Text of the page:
I decided to bet that I could capture a working preparation library for explosives, incendiaries, igniters and basic device constructions in less than 30 minutes. The goal was to have sound operational materials that with a modicum of laboratory practice and mechanical and electrical skill would produce operational devices. The process took less than 20, and that was with citation documentation.


Start with likely keywords or phrases, or if you know anything about the field, start with a classic: FM 5-25 Explosives and Demolitions. FM 5-25 is devoted to placement technique as opposed to manufacture, but wherever FM 5-25 appears there will be fertile ground. My paper copy is 1971; subsequent changes are minor.


Second search tip is to limit searches to PDF documents as most manuals are rendered in PDFs on the web.


Third search tip is, when you find a promising item, rerun your search limiting your search to that domain.


Leaving aside the many Torrent feeds and the occasional sources, you will soon have PDFs of all that you need for technical preparation from ordinary materials as well as mechanical fabrication and placement. The citations noted here are representative, but not exhaustive. Some sites could be, or should be, honey pots. Other than Cryptome, most English sites represent themselves as patriot, militia, or survivalist stock.


The items cited in Preparer Resources below are but a sampling of technique available on the web.


The next question was why, with these materials easily available, weren't the jihadist community producing better device designs for export.

Questioning the lack of tradecraft in recent militant devices


Despite the volume of information that is publicly available, mercifully much of which is wanabee, actual fabrication has been poor in many recent devices in the US, UK and Europe.


Readers may think that, 'It is only a matter of time. They cannot stay stupid forever,' but the truth is that the necessary information has been in jihadist, paramilitary, and patriot right hands for decades. My only surprise is that so much tradecraft appears to have been lost in jihadist training over the past decade.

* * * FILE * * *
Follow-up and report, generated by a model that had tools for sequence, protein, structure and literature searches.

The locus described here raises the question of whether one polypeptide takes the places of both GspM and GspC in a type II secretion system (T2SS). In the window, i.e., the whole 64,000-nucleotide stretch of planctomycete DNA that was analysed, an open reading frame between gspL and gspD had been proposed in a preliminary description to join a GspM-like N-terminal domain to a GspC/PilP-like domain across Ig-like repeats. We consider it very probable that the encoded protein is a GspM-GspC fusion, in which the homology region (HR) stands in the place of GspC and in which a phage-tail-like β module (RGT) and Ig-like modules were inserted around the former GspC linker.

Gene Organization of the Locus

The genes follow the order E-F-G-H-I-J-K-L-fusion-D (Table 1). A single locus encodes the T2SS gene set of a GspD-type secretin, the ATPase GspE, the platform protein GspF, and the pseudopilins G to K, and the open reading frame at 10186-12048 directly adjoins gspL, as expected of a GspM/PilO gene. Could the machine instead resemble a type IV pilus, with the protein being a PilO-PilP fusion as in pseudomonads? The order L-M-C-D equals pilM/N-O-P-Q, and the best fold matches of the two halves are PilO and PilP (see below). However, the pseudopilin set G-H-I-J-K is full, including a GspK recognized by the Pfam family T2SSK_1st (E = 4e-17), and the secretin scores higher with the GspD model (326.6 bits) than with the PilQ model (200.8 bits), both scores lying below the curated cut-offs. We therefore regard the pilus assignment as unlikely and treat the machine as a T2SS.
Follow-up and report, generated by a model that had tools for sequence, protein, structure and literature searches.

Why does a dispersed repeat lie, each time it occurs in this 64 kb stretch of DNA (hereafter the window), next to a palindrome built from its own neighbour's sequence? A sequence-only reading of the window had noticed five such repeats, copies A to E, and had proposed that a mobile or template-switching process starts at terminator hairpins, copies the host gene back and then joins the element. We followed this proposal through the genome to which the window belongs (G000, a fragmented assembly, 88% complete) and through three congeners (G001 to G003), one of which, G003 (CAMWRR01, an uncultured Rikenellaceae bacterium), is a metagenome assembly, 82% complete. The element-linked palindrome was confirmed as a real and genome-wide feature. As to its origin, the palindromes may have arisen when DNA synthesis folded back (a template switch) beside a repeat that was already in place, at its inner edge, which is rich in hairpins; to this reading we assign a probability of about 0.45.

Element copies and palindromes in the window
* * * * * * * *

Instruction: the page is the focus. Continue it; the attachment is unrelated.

As you really don’t need much more than TM 31-210 IMPROVISED MUNITIONS HANDBOOK and FM 5-25 Explosives and Demolitions, the lack of current jihadist training in preparation and fabrication is all the more remarkable when parts of these manuals have long been in jihadist hands, forming a key part of the jihadist training syllabus in Afghan camps. From Afghan Camps Turn Out Holy War Guerrillas and Terrorists, 2002:

The documents — including student notebooks, instructor lesson plans, course curriculums, training manuals, reference books and memorandums — show that one tier, by far the busiest, prepared most of the men who enlisted in the jihad to be irregular ground combatants... The other provided a small fraction of the volunteers with advanced regimens that prepared them for terrorist assignments abroad.


American military instructors who reviewed the documents said the first tier of instruction was sophisticated in a conventional military sense, teaching, one said, "a deep skill set over a narrow range" that would reliably produce "a competent grunt." The second tier was similarly well organized, albeit with more sinister curriculum.


Implicit in the split levels of training was the Islamic groups' understanding of the need for different sets of skills to fight on several, simultaneous fronts: along trench lines against the Northern Alliance in Afghanistan; against armor or helicopter assaults from conventional foes in Chechnya; as bands of foot-mobile insurgents in Kashmir, Central Asia or the Philippines; and as classic terrorists quietly embedded in cities in the Middle East, Africa, the former Soviet Union and the West.


To instill these diverse lessons, the schools applied ancient forms of instruction — teachers pushing students to copy and memorize detailed tables and concepts — to modern methods of killing. [in effect, using] "Islamic pedagogy to teach Western military tactics."


Evident as well in the documents, which were translated for The Times, were signs that in developing martial curriculums, the groups were cannily resourceful in amassing knowledge. Some lessons were drawn from manuals from the former Soviet Union. Others, the use of Stinger missiles or Claymore mines, were derived from instruction underwritten by the Pentagon and the Central Intelligence Agency in the 1980's, when Washington backed the Afghan resistance against Soviet occupation.